With Christmas rapidly approaching, one of my aims this year is to at least attempt a bit of DIY Christmas gifting. So if you know me, there are potential spoilers ahead and stop reading this right now. So here are five ideas I may or may not be considering as part of my Christmas gift ideas. These really are quite geeky, but then so are most of my friends and family.
1. 3d printed jewellery
We don’t all own 3d printers (yet) particularly ones that can print in precious or semi-precious metals. But head over to Shapeways – a website with a name that sounds like it’s straight from an episode of the Hitch-hikers Guide to the Galaxy and you can print more or less anything you can practically design provided it’s in a format they support. You can also order a printed version of your idea in cheaper plastic before committing to a more expensive material.
For a less daunting project you can contact some of the designers to create customised versions of their work. Lots of designs are available on Thingiverse for you to download and edit (including the ring shape below).
2. Make your own lego brick shaped bath bombs
So slightly less technical but fun nevertheless is to make your own bath bombs or fizzies. These are compacted cubes of Sodium Bicarbonate and Citric Acid that bubble Carbon Dioxide when you chuck them in the bath:
C5H7O5COOH + NaHCO3 → C5H7O5COO–Na+ + H2O + CO2
Here’s a nice recipe from Busy City Mum’s blog for Bath Fizzies which goes into detail about what quantities and ingredients you need. You can now buy silicon moulds in lots of shapes including Lego brick (lookalikes, not official) and the Death Star (not a moon).
In Japan it’s tradition to include a figure inside the bath bomb, so a Lego minifigure would seem appropriate!
3. A custom Raspberry Pi
I had to include a Raspberry Pi based project – there are lots to choose from including Media players and retro computer emulators – but for this I wanted to find something that would be suitably difficult to purchase. One possibility is the Raspberry Pi magic mirror which is detailed on it’s creator’s blog – this is something you simply can’t buy, and looks amazing – although you’ll need a monitor and a mirror for the full effect.
My simpler project is to build a Raspberry Pi audio streamer. Audio streamers are generally very expensive and although the Pi’s default audio output is fairly basic it’s possible to add a DAC to provide really high quality sound output. Thanks to Carla at busycitymum.com for sending me a Wolfson Pi I was able to build a fairly decent Pi Music Box with Airport support.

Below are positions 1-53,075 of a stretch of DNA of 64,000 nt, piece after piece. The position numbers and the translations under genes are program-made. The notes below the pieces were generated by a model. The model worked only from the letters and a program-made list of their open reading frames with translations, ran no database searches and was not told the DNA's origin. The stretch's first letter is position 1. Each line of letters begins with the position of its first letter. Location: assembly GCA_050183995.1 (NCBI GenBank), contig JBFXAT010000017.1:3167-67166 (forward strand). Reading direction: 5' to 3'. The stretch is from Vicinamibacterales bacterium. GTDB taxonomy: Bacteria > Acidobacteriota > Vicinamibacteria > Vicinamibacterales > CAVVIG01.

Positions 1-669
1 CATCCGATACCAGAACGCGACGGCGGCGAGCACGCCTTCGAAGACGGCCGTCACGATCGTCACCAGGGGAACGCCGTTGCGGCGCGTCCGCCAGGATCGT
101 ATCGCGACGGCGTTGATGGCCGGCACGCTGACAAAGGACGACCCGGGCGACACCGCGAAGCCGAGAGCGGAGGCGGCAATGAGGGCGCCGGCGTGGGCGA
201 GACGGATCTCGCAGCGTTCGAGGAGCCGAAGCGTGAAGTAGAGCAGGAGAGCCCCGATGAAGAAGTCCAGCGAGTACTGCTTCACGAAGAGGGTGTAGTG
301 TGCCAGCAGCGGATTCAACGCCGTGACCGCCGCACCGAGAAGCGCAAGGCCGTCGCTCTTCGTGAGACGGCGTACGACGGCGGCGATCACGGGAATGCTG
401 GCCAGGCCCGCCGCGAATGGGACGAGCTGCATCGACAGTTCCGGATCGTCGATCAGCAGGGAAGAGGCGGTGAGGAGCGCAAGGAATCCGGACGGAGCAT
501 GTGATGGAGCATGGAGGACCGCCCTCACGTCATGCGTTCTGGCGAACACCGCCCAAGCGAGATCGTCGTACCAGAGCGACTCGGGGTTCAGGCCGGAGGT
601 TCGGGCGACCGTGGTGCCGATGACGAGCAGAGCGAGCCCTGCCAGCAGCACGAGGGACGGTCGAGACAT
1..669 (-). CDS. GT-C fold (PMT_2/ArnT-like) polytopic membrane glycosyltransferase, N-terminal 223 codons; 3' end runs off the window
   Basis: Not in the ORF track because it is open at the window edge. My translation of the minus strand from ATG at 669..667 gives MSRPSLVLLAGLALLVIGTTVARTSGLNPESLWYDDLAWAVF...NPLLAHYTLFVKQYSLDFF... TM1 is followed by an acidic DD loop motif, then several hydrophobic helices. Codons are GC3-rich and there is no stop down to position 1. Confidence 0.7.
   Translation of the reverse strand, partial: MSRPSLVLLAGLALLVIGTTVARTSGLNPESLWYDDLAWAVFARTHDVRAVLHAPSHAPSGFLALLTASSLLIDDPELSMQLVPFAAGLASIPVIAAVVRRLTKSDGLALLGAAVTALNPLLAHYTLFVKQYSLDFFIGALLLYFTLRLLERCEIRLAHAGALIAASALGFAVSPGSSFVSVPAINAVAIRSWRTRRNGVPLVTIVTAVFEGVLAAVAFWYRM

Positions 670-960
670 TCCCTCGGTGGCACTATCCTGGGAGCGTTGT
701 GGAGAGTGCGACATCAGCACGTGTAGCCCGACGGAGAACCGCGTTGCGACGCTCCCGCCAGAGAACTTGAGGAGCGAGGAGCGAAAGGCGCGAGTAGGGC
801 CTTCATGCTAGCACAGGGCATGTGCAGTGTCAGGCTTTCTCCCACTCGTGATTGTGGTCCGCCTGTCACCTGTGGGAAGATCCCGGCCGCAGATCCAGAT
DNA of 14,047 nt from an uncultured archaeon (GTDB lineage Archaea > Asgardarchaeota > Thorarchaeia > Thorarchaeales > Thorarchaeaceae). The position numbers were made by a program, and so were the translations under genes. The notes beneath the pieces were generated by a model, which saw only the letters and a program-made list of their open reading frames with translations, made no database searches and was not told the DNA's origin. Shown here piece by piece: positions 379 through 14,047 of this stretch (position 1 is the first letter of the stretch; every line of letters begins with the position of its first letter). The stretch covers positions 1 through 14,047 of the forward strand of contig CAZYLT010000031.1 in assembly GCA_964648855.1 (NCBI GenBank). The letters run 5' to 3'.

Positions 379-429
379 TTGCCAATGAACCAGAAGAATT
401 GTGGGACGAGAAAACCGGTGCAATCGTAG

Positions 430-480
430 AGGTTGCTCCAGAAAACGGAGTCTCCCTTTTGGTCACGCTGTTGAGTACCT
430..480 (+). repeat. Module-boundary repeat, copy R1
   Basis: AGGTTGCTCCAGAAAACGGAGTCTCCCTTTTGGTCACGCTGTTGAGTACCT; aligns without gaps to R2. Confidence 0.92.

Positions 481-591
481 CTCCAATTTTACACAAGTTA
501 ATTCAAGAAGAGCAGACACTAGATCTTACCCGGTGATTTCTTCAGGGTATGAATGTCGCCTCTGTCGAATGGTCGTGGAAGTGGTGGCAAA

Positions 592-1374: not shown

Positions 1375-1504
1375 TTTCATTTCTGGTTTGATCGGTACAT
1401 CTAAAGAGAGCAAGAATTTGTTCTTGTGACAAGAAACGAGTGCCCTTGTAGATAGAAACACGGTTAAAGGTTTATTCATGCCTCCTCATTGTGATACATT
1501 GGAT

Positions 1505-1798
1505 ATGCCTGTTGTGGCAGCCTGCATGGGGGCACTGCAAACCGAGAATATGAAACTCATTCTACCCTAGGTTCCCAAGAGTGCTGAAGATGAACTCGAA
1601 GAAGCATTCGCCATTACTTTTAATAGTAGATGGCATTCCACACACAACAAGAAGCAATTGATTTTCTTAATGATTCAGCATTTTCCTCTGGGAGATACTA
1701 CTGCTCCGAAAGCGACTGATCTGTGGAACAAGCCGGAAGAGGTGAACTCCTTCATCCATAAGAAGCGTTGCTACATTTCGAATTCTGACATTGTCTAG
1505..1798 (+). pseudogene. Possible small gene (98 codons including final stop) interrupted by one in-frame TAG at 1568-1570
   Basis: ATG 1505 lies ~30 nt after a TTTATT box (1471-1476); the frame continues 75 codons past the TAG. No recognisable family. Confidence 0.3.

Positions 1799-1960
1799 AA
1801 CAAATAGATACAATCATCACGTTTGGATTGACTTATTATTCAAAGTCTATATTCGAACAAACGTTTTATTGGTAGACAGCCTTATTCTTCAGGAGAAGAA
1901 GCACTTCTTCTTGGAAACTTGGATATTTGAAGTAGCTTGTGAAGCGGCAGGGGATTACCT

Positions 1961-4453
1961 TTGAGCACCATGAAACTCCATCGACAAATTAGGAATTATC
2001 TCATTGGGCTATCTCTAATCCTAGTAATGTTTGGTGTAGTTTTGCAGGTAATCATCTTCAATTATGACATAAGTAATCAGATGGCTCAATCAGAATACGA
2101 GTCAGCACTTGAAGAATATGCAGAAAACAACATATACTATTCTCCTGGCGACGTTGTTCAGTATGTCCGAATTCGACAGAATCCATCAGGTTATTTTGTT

The recipe for this is as follows – I’ve confirmed this to work with the original Wolfson Pi Audio Card and a Raspberry Pi model A – there is a new version of the Wolfson card available for the newer Raspberry Pi models.
- Download the custom version of Raspbian from www.element14.com/PiAudioCard – on the Mac the custom version of Raspbian unpacks best if you use Stuffit Expander and then Apple Pi Baker to copy the iso file to an SD card.
- Install Shairport using these instructions from Drew Lustro
- For a final bit of polish (particularly if your running a Raspberry Pi as a headless server) you can include a web based shutdown control panel – follow the instructions on the forum here. You can edit the web page to include a nice message to your gift recipient as well!
DIY projects that work with Apple products go down quite well.
Baking is a much appreciated gift – and given the diversity of cookie cutting shapes available it’s possible to give a nerdy spin on even the most traditional recipes.
Firebox do a nice line in Tetris Cookie cutters – combined with a Gingerbread recipe these make for a pleasing tessellating gift.
I’ve tried a few different gingerbread recipes and Delia’s is by far the best. Thanks to the additional spoon of black treacle the gingerbread is sufficiently biscuity – and you can vary the cooking time if you want a more chewy gingerbread. Other recipes don’t work as well since they opt for either golden syrup or black treacle. Cowards.
Combine with an original Gameboy (search for DMG1) for added wow factor. Works particularly well on millennials.
5. Give a DIY gift
So technically cheating, but you can also give the gift of DIY. I recently reviewed the StoneTurners DIY microscope
which can take awesome pictures of things, and works with the Raspberry Pi.
If you want to spend a bit more the DIY projects from Technology will save us are worth a look. Although they’re more expensive than shopping around and buying the parts, the packaging is lovely and they make quite complicated projects accessible. Plus angry birds on the Arduino is very addictive…